PubDate: 2014-03-06T12:16:01.219662-05:
      DOI: 10.1111/1365-2656.12204
  • Frequent and seasonally variable sublethal anthrax infections are
           accompanied by short‐lived immunity in an endemic system
    • Authors: Carrie A. Cizauskas; Steven E. Bellan, Wendy C. Turner, Russell E. Vance, Wayne M. Getz
      First page: 1078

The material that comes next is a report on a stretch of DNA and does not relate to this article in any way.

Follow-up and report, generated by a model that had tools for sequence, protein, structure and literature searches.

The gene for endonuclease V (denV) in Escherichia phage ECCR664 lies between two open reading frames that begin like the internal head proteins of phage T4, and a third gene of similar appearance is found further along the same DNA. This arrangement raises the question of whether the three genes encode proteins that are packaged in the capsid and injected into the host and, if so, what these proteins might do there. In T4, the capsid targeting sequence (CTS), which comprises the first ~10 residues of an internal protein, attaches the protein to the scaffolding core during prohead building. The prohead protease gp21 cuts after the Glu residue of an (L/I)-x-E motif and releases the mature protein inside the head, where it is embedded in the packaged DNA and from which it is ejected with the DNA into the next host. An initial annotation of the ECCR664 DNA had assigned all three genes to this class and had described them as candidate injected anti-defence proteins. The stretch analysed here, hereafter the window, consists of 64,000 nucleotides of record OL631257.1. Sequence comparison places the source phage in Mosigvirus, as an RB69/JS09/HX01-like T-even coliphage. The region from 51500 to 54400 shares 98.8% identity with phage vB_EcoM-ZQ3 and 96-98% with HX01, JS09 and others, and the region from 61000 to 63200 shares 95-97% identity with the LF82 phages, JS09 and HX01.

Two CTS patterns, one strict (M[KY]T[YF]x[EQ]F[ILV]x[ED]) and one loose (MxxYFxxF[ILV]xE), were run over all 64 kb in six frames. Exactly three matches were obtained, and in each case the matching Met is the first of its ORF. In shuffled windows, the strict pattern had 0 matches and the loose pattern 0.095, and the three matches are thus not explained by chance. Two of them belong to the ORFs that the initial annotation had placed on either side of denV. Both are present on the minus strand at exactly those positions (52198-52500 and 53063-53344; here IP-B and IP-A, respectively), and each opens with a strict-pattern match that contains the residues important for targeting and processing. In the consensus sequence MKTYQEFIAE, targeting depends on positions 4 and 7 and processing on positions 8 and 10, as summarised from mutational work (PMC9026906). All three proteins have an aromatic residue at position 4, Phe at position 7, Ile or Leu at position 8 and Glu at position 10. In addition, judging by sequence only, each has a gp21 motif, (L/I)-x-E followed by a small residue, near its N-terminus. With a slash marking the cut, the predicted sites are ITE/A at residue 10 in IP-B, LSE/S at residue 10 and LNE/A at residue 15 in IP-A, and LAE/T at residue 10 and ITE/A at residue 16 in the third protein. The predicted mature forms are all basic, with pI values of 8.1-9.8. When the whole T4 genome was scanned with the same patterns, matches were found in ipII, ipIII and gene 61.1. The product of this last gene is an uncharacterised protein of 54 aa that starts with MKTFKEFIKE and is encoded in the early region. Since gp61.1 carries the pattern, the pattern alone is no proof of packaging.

Abstract: Few studies have examined host‐pathogen interactions in wildlife from an immunological perspective, particularly in the context of seasonal and longitudinal dynamics. In addition, though most ecological immunology studies employ serological antibody assays, endpoint titre determination is usually based on subjective criteria and needs to be made more objective. Despite the fact that anthrax is an ancient and emerging zoonotic infectious disease found world‐wide, its natural ecology is not well understood. In particular, little is known about the adaptive immune responses of wild herbivore hosts against Bacillus anthracis. Working in the natural anthrax system of Etosha National Park, Namibia, we collected 154 serum samples from plains zebra (Equus quagga), 21 from springbok (Antidorcas marsupialis) and 45 from African elephants (Loxodonta africana) over 2–3 years, resampling individuals when possible for seasonal and longitudinal comparisons. We used enzyme‐linked immunosorbent assays to measure anti‐anthrax antibody titres and developed three increasingly conservative models to determine endpoint titres with more rigourous, objective mensuration. Between 52 and 87% of zebra, 0–15% of springbok and 3–52% of elephants had measurable anti‐anthrax antibody titres, depending on the model used. While the ability of elephants and springbok to mount anti‐anthrax adaptive immune responses is still equivocal, our results indicate that zebra in ENP often survive sublethal anthrax infections, encounter most B. anthracis in the wet season and can partially booster their immunity to B. anthracis. Thus, rather than being solely a lethal disease, anthrax often occurs as a sublethal infection in some susceptible hosts. Though we found that adaptive immunity to anthrax wanes rapidly, subsequent and frequent sublethal B. anthracis infections cause maturation of anti‐anthrax immunity. By triggering host immune responses, these common sublethal infections may act as immunomodulators and affect population dynamics through indirect immunological and co‐infection effects. In addition, with our three endpoint titre models, we introduce more mensuration rigour into serological antibody assays, even under the often‐restrictive conditions that come with adapting laboratory immunology methods to wild systems. With these methods, we identified significantly more zebras responding immunologically to anthrax than have previous studies using less comprehensive titre analyses. Here, the authors examine anthrax hosts in a natural system and find that herbivores are capable of surviving anthrax, with zebras contracting sublethal anthrax at a very high rate. The study also helps to establish more rigourous protocols for running and interpreting ELISAs, a very commonly used assay in immunological ecology.